Contouring isn’t just for Kim Kardashian’s cheekbones.
Doctors use a process of the same name to determine high-precision radiation therapy treatments. Once the size and shape of tumors are identified in medical images, contouring helps them design target volumes for radiation therapy.
Researchers from the University of Texas MD Anderson Cancer Center, in Houston, are using deep learning to improve this time-consuming, labor-intensive process.
To contour, radiation oncologists review medical images of a patient, design specific target volumes of tumors and surrounding tissues, and decide how much radiation should be used.
As a result, there’s significant room for human error. If the tumor is in a vulnerable region, and a doctor administers too much radiotherapy, normal tissue could be damaged. If too little is administered, then the tumor may continue to grow.
AI Approach Aims to Narrow Variability
In its current state, contouring can also vary widely from doctor to doctor. A recent study from Utrecht University in the Netherlands found that some doctors suggested target volumes eight times larger than those decided upon by colleagues.
The MD Anderson researchers have developed a deep learning process to take on the tasks of contouring. Their AI-based approach would limit physician variability and prevent bias, decreasing the chance for missing a tumor or overtreating normal tissues.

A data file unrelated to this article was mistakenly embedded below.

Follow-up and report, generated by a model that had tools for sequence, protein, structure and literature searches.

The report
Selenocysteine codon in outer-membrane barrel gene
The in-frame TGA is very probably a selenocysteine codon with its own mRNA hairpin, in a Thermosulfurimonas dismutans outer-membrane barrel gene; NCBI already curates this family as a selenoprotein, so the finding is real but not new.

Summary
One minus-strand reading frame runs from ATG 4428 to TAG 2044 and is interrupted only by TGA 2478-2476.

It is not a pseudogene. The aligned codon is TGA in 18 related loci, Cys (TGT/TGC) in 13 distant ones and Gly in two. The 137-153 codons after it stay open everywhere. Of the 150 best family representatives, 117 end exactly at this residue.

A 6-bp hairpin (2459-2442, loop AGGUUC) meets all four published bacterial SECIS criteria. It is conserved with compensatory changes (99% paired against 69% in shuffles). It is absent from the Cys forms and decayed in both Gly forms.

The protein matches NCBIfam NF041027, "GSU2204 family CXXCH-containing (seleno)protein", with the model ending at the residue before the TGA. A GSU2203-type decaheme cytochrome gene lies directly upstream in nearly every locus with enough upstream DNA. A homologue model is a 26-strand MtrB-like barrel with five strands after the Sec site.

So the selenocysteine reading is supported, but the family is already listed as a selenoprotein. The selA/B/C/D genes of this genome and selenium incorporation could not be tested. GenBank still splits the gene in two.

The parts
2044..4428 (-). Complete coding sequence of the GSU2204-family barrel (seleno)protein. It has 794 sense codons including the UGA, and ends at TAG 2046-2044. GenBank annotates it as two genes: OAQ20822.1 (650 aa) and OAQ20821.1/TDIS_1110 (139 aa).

The researchers used NVIDIA Tesla GPUs on the Maverick supercomputer at the Texas Advanced Computing Center (TACC) and the cuDNN-accelerated TensorFlow deep learning library to analyze data from 52 oropharyngeal cancer patients.
“If we were to do it on our local GPU, it would have taken two months,” said Carlos Cardenas, Ph.D., a researcher working with principal investigator Laurence Court, both at MD Anderson, in an interview with TACC. “But we were able to parallelize the process and do the optimization on each patient by sending those paths to TACC, and that’s where we found a lot of advantages by using the TACC system.”
The deep learning algorithm used neural networks to identify and recreate physician contouring patterns.
The process could have a significant impact on cancer treatments in general by making research and treatment more efficient. For example, researchers running clinical trials could use it to reduce uncertainties when delineating healthy tissues from cancerous ones in radiotherapy, which would in turn result in better clinical data.
Moreover, automating time-consuming processes like contouring and radiation treatment planning could greatly benefit patient care in clinics with low resources, many of which are found in low- and middle-income countries.
The researchers’ next steps are to translate this process into clinical use, ultimately providing physicians with better information that can lead to improved patient treatments and outcomes.
To that end, they’re developing a radiation planning assistant – a fully automated radiation therapy planning tool, which they hope to launch to partner cancer centers in low-income countries by early next year.